26

Is it possible to change the natural order of columns in Postgres 8.1?

I know that you shouldn't rely on column order - it's not essential to what I am doing - I only need it to make some auto-generated stuff come out in a way that is more pleasing, so that the field order matches all the way from pgadmin through the back end and out to the front end.

  • TL;DR for others: No. | if you really really must, only then see answers below. – jave.web Sep 10 at 13:36
22

You can actually just straight up change the column order, but I'd hardly recommend it, and you should be very careful if you decide to do it.

eg.

# CREATE TABLE test (a int, b int, c int);
# INSERT INTO test VALUES (1,2,3);
# SELECT * FROM test;
 a | b | c 
---+---+---
 1 | 2 | 3
(1 row)

Now for the tricky bit, you need to connect to your database using the postgres user so you can modify the system tables.

# SELECT relname, relfilenode FROM pg_class WHERE relname='test';
 relname | relfilenode 
---------+-------------
 test_t  |       27666
(1 row)

# SELECT attrelid, attname, attnum FROM pg_attribute WHERE attrelid=27666;
 attrelid | attname  | attnum 
----------+----------+--------
    27666 | tableoid |     -7
    27666 | cmax     |     -6
    27666 | xmax     |     -5
    27666 | cmin     |     -4
    27666 | xmin     |     -3
    27666 | ctid     |     -1
    27666 | b        |      1
    27666 | a        |      2
    27666 | c        |      3
(9 rows)

attnum is a unique column, so you need to use a temporary value when you're modifying the column numbers as such:

# UPDATE pg_attribute SET attnum=4 WHERE attname='a' AND attrelid=27666;
UPDATE 1
# UPDATE pg_attribute SET attnum=1 WHERE attname='b' AND attrelid=27666;
UPDATE 1
# UPDATE pg_attribute SET attnum=2 WHERE attname='a' AND attrelid=27666;
UPDATE 1

# SELECT * FROM test;
 b | a | c 
---+---+---
 1 | 2 | 3
(1 row)

Again, because this is playing around with database system tables, use extreme caution if you feel you really need to do this.

This is working as of postgres 8.3, with prior versions, your milage may vary.

  • 4
    This is very tricky, several system object refer to a column number. When you flip columns 2 and 3, you will be in trouble when an object needs something from column 2. This is now nr. 3 and your database is now corrupt. Take a look at pg_constraint, this can be a database saver. – Frank Heikens Mar 27 '10 at 18:10
  • 3
    This way you lose all the data in your tables. – Peter Eisentraut Sep 16 '11 at 3:16
  • 5
    Besides being unsupported, this technique swaps column names without respect for their contents, which (despite the answer being accepted) is not what the question is asking. And if it was asking for that, ALTER TABLE... RENAME COLUMN... should be used instead, since it achieves the same result but reliably. – Daniel Vérité Nov 12 '14 at 14:57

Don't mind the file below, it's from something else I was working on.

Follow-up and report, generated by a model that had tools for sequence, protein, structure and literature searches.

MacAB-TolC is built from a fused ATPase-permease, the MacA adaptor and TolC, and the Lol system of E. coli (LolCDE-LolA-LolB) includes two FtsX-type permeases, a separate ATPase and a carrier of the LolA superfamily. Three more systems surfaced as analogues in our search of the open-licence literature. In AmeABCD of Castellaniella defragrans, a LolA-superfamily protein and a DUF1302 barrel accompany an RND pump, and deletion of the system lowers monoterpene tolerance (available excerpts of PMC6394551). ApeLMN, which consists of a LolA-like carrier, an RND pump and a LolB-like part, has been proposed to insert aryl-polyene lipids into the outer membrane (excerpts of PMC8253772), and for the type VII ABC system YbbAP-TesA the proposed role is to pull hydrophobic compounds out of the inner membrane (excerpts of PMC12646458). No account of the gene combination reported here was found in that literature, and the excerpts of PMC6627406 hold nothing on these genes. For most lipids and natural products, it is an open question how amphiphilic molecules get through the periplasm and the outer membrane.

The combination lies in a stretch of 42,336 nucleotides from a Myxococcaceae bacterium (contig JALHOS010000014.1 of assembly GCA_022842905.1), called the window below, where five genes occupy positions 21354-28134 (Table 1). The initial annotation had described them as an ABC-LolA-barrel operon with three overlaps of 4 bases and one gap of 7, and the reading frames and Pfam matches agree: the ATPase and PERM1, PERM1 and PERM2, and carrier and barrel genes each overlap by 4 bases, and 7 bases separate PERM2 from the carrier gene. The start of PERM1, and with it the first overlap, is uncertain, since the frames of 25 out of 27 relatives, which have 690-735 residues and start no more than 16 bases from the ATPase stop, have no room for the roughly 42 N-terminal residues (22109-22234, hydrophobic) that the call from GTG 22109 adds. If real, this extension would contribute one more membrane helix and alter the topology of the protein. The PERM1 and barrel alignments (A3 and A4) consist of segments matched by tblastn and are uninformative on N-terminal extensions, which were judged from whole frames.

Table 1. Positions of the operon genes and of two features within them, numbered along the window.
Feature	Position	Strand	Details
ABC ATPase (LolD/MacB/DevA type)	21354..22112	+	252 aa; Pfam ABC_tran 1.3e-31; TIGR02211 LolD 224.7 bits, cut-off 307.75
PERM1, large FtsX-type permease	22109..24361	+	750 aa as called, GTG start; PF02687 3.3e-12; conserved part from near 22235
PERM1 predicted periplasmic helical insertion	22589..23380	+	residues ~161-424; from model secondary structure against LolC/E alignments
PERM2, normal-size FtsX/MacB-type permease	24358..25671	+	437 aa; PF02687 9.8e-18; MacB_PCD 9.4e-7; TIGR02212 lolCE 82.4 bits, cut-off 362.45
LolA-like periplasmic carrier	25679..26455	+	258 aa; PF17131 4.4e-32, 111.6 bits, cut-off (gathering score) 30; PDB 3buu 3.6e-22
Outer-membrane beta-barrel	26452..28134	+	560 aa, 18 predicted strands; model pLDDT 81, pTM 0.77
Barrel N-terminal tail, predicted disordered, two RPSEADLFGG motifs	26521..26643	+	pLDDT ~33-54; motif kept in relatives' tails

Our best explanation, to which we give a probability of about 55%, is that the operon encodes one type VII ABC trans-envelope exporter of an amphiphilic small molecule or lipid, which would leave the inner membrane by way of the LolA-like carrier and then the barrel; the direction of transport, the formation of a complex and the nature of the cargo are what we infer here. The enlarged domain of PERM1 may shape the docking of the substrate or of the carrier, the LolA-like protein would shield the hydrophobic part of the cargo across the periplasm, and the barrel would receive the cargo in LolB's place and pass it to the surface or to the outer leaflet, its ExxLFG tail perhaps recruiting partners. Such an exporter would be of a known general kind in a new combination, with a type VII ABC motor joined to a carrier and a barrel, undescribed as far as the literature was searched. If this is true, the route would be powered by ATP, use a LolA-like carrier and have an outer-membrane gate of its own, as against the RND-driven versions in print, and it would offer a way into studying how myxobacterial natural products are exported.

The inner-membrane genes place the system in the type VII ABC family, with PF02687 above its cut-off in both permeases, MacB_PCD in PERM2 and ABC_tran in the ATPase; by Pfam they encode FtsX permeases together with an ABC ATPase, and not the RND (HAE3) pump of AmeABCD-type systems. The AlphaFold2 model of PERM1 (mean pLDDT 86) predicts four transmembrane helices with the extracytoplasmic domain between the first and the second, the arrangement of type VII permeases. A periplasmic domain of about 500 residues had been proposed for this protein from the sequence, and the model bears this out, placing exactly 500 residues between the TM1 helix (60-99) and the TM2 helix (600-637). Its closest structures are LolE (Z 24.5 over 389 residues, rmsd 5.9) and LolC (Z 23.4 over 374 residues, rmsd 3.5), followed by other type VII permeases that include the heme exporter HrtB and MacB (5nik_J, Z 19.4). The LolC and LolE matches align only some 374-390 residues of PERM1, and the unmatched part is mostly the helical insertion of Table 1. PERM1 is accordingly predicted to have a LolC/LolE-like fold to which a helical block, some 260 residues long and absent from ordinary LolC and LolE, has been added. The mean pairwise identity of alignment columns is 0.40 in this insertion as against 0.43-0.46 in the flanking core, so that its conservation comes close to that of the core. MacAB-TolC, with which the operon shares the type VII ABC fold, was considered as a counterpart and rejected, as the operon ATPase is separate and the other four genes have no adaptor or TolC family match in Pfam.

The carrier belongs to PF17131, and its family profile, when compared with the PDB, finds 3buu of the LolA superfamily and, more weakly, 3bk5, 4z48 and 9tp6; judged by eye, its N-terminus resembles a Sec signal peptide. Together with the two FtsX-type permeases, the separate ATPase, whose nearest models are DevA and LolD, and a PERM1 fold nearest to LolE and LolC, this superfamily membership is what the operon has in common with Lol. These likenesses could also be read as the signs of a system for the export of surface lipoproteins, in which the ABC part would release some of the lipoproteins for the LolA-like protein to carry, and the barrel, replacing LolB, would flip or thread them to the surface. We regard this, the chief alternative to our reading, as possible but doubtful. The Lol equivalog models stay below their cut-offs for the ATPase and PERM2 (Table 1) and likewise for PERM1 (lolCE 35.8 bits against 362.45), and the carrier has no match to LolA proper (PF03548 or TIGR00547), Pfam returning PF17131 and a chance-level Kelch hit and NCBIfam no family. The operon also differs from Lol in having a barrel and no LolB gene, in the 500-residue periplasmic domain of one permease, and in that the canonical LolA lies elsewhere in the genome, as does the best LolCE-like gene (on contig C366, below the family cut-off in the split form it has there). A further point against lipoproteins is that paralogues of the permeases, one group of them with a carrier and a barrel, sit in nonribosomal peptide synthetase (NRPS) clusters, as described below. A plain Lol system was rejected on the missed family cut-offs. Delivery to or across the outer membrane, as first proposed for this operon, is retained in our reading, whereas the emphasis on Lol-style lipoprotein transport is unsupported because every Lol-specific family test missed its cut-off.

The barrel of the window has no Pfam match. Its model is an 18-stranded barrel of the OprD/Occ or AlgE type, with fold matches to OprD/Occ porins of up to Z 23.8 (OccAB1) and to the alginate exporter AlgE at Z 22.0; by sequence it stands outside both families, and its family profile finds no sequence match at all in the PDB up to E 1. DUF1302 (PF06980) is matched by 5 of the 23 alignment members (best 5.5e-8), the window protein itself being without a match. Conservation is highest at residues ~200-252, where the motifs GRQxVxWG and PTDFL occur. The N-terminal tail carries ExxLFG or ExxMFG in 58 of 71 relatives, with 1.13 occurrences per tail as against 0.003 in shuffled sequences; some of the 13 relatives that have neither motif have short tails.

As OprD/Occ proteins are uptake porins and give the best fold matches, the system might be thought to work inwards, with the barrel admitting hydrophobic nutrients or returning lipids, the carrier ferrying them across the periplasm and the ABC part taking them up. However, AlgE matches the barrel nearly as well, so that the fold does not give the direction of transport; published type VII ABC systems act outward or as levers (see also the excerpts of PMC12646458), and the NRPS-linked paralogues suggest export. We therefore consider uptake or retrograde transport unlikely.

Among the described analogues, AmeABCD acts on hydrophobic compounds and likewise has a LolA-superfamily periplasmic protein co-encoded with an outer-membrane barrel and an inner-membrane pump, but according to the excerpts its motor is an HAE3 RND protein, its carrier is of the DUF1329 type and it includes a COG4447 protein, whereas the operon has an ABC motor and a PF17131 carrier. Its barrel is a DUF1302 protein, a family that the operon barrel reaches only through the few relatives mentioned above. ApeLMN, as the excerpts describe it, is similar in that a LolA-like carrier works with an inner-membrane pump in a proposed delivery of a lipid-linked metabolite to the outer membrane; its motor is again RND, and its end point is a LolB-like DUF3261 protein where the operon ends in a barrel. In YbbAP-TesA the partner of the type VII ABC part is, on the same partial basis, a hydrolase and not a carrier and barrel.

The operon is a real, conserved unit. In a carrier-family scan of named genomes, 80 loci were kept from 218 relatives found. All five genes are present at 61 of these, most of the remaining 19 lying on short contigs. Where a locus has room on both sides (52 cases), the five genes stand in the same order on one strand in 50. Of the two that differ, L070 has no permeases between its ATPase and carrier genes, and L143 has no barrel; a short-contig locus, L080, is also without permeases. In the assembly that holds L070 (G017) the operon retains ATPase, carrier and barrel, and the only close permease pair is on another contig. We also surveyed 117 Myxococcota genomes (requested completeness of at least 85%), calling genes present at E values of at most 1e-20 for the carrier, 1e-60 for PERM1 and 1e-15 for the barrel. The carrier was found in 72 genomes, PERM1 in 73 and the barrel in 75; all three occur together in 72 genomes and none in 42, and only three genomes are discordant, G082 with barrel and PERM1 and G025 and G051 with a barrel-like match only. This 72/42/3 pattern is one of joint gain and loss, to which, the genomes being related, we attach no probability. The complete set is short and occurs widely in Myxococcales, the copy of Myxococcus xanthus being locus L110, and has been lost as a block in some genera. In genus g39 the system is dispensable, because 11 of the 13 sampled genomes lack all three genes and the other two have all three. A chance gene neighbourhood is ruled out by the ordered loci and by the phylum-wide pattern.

• Actually tried this. Table became useless and every query to the table disconnected the server. The good thing is that if you reverse back everything works fine again. – cachique May 11 '17 at 18:26
16

If your database is not very big and you can afford some downtime then you can:

  1. Disable write access to the database
    this is essential as otherwise any changes after starting the next point will be lost
  2. pg_dump --create --column-inserts databasename > databasename.pgdump.sql
  3. Edit apropriate CREATE TABLE statement in databasename.pgdump.sql
    If the file is too big for your editor just split it using split command, edit, then assemble back using cat
  4. drop database databasename
    You do have a recent backup, just in case, do you?
  5. psql --single-transaction -f databasename.pgdump.sql
    If you don't use --single-transaction it will be very slow

If you use so called large objects make sure they are included in the dump. I'm not sure if they are by default in 8.1.

  • This works quite well with 9.3. Note that if you want to import into a new database you can change the three lines in the dump file that refer to the database name. – Gerry Shaw May 30 '14 at 23:03
8

I have asked that question in pgsql-admin in 2007. Tom Lane himself declared it practically unfeasible to change the order in the catalogs.

Clarification: this applies for users with the present tools. Does not mean, it could not be implemented. IMO, it should be.
Still true for Postgres 12.

  • 2
    "The idea of allowing re-ordering of column position is not one the postgresql developers are against, it is more a case where no one has stepped forward to do the work." quote from wiki.postgresql.org/wiki/Alter_column_position In case someone wants to add that functionality... the starting steps have been outlined at the end of the article. – knowledge_is_power Sep 16 '11 at 10:13
  • 2